Best wishes with the house purchase stress, Pip, and congratulations on producing a blog in the middle of it. I believe strangling estate agents is still (but only just) a crime, mitigated by their sins of commission.
    1. Thanks z8. Actually we are selling, and going to rent FOREVER (or until we run out of money). In a mix of France, Spain and UK, not sure yet which will predominate.
      I managed to negotiate the thieving agent down from 7% to approx 5.2% commission, which is itself outrageous as in UK it is less than 2% I believe and they do little these days except stick you on web sites, wait for punters and bring unsuitable people round to view just so it looks like they are on the ball.
  4. 45 mins with yoghurt, blueberries, banana, granola.
    I struggled in the NW: agonising over set=declined, not working out the anagrist in Conifers and forgetting my new ‘if there is a U try a Q’ which is ‘if there is an H try a G’ (not quite so catchy).
    I liked the clue non-ounce-based clue for Ounces.
    Mostly I liked: Hype and COD to the diseased badgers.
    Thanks setter and Pip.

    If there is a Hotel, try a G&T?

    Edited at 2018-09-05 07:16 am (UTC)

  5. An unconvincing 27:37 in part related to the distractions of the world passing by our waterside cottage in the sleepy Turkish fishing village that is home this week. Not the most sparkling puzzle but the surroundings made up for it.
  6. Well even in a remote corner of Mull I have 4G remarkably. Only problem was the setter which for once isn’t the setter. Maybe his name is Gordon?
  7. 44 minutes slowed down by some unfamiliar answers that needed to be worked out from wordplay e.g. CADAVERIC, RUMEN and the GORDON variety of setter. SPOKESMAN was my LOI although I had written in MAN for ‘staff’ immediately.

    BEDSIT also came late as for a long time I had thought the answer was a county with IT inside a word meaning ‘accommodation’. Egg-on-face time for me, as I live in BEDS!

    I wasn’t entirely sure of THESE, as to me a ‘premise’ is more the starting point of a theory or argument whereas a ‘thesis’ is the fully developed item, but I expect one or more of the usual sources supports the given definition.

  8. I had one of those strange crossword coincidences today – no sooner had I learned the expression HORS DE COMBAT in the novel I’ve been reading this week than it appeared in today’s puzzle! COD to DRESSAGE – I thought ‘Disciplined horse moves’ a great definition.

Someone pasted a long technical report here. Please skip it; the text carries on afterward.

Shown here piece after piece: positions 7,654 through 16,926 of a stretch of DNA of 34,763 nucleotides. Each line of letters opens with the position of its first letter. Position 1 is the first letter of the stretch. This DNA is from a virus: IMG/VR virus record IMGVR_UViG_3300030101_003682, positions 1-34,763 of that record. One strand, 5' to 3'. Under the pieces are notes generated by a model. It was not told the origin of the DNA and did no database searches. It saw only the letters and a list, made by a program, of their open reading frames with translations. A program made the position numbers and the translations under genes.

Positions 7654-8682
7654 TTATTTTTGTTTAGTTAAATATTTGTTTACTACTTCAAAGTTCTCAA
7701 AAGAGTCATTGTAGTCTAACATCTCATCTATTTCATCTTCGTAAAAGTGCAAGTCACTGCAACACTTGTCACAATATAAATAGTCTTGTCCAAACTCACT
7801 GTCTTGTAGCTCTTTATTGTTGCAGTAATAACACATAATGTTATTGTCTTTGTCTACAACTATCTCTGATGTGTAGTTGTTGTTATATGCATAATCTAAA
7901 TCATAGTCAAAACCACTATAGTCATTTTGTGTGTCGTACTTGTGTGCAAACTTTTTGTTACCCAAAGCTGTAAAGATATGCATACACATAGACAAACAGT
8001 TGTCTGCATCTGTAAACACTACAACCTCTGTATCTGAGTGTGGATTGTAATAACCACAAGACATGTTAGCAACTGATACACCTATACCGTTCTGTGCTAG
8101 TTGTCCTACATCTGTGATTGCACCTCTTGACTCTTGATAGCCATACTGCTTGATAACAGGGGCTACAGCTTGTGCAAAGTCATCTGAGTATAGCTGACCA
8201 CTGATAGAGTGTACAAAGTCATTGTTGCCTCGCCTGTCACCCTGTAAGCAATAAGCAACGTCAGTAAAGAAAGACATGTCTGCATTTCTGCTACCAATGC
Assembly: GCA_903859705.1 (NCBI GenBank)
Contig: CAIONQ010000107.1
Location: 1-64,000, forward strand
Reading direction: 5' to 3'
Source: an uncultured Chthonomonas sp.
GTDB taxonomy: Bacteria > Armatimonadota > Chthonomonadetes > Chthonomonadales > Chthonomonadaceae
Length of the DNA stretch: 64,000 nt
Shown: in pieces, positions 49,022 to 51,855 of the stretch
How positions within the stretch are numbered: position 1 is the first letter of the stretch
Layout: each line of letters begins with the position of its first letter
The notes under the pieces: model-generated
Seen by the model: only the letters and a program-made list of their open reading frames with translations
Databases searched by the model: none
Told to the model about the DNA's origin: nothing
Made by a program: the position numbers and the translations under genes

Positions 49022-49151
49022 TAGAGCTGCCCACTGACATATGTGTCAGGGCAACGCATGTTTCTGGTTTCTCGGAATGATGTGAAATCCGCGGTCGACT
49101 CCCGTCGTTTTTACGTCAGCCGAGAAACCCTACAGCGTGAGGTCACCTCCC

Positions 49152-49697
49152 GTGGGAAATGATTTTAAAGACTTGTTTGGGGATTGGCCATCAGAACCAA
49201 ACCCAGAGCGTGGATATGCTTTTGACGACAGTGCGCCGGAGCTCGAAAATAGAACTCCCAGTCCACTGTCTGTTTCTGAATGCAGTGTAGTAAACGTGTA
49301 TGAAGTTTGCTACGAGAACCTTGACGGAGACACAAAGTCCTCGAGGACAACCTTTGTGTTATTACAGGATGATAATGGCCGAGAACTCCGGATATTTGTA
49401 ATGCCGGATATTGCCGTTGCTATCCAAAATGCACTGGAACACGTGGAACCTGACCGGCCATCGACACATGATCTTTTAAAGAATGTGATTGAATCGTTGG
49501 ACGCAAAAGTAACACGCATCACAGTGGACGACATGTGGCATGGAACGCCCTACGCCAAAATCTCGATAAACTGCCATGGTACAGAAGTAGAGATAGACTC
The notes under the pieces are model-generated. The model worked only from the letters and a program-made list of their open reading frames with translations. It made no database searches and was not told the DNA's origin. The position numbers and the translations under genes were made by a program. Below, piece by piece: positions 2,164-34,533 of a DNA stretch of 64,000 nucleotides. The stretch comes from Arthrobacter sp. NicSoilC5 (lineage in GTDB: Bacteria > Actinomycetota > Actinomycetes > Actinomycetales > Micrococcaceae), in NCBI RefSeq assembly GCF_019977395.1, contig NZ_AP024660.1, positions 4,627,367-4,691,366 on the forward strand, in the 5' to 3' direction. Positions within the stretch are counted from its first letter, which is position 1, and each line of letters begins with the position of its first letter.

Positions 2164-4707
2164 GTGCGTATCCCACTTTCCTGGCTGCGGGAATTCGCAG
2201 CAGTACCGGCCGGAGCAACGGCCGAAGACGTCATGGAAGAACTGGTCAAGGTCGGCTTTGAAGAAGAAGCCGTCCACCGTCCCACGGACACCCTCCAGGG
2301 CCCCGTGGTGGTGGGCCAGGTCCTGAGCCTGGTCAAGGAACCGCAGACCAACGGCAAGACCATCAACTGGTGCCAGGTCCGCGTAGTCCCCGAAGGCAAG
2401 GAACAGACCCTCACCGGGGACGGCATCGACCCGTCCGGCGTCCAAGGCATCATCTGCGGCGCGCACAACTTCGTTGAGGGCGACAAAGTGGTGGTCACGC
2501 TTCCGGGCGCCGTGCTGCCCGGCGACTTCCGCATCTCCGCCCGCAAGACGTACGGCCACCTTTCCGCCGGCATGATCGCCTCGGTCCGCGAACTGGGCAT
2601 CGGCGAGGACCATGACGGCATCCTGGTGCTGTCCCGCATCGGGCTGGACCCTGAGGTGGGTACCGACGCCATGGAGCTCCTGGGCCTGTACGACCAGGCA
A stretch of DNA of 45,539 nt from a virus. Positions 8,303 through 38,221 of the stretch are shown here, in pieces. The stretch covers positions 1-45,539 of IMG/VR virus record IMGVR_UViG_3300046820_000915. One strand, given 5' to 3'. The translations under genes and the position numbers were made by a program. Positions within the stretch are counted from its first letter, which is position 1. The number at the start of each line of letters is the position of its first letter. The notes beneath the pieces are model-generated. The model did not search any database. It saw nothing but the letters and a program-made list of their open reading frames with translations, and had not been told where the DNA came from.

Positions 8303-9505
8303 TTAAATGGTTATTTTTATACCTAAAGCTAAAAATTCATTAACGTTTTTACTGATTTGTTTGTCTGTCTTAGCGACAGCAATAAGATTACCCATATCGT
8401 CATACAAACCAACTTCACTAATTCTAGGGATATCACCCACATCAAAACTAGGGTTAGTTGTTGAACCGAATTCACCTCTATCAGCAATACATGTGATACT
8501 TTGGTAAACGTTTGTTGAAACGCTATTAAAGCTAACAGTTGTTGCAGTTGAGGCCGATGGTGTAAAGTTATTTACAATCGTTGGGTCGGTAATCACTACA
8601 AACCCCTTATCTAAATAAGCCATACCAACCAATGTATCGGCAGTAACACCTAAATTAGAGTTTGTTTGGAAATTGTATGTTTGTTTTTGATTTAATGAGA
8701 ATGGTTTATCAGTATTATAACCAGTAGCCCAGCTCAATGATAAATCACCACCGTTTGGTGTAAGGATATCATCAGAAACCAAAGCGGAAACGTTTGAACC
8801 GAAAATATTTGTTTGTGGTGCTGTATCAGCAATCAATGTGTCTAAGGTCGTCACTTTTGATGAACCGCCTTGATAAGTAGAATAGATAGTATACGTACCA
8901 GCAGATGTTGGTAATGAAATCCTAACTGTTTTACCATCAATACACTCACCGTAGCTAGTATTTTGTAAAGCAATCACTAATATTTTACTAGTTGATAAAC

9. Thanks for DESPAIRING, Pip. I should have twigged “days in Rome” but didn’t. Are you moving far? I’m sorry you have had a bad experience with a real estate agent. When we sold our house in Sydney 6 years ago we had a terrific agent who also happened to be a neighbour. She was wonderful and got us a then street record price.
    Ah, Bedforshire. I remember in my younger days being amused by the idea of Sandy, Beds.
      1. Good luck, Pip. I do hope your long-distance visits for medical treatment are over. We are STILL trying to sell our house on the Basse Normandie/Mayenne border to fund our renting retirement.
        That’s “trying’ as in 2 real estate agents and 2 websites with different agencies spread over 2 1/2 years.

        Edited at 2018-09-06 09:22 am (UTC)

  10. ….after 12:48 as a result of not being able to parse 18A, and biffing “spokesmen” as LOI.


    Knew cadaver, so it was a short step to CADAVERIC, though I’d seen “cadaverous” in various other places.


    Edited at 2018-09-05 08:32 am (UTC)

    1. ‘cadaverous’ definitely sounds right for ‘haggard’, but I knew CADAVERIC from the heroic Ignaz Semelweiss and his research into childbed fever.
  11. I must have been dim this morning, taking 50 minutes on this. LOI IMPORTUNES having eventually twigged SPOKE for a rung to give me SPOKESMAN. Have never met a setter called Gordon either, as far as I know. I’ve always liked honeycomb tripe with vinegar and pepper, a delicacy of my youth, so at least I was prepared to accept RUMEN as legit. I thought CADAVERIC only referred to the dead and cadaverous to the hollow-cheeked, so gazed at my non-cadaverous navel on that for far too long. COD to HYPE. Thank you Pip and setter.
  12. Another wander along the beach

    You’ve heard of an Irish Setter and of an English Setter well a GORDON SETTER is a Scottish Setter – a gun dog

  13. Technically a DNF, since I was delayed significantly by the final crossers of S_O_E_MAN and _O_D_N and it turns out there is no ‘London Setter’ nor a ‘scoresman’. I poked the right letters into the slots eventually, at 32 mins. NHO a GORDON SETTER, CADAVERIC nor RUMEN.

    My COD to the TB-infected badgers, but it was a close-run thing with the disciplined horse moves. Lovely clues.

    Sorry you didn’t much like the puzzle today, Pip, but thanks for your dutiful blog. Will Brexit result in 7% estate agents’ commission in the UK, I wonder.

    Edited at 2018-09-05 09:27 am (UTC)

  14. Seeing RIDER and HAGGARD in the clues early on distracted me as I looked for a nina. I thought it had some deceptively good clues HORS DE COMBAT, DRESSAGE, IMPORTUNE etc. Thanks “Gordon” or whatever your name is.
  15. 23’52, steady enough. Spokes seem at a different angle to the universe from rungs somehow. An unremarkable puzzle (but for the hollow-faced archaism), but a decent enough one in its way; maybe all such should be deemed a Gordon.
  16. 35 min, but really DNF as I only found GORDON when checking 11dn to see whether there was such a breed as ‘golden setter’ before submitting. Was held up in SW for a while as I could only think of ‘pen’ for writer in 15ac – and RIPEN didn’t make sense.
  17. 9:53. A steady solve, slowed down a little bit by the slightly funny words: RUMEN and CADAVERIC. I knew of the dogs, although I’m not sure I’ve ever come across them in the flesh.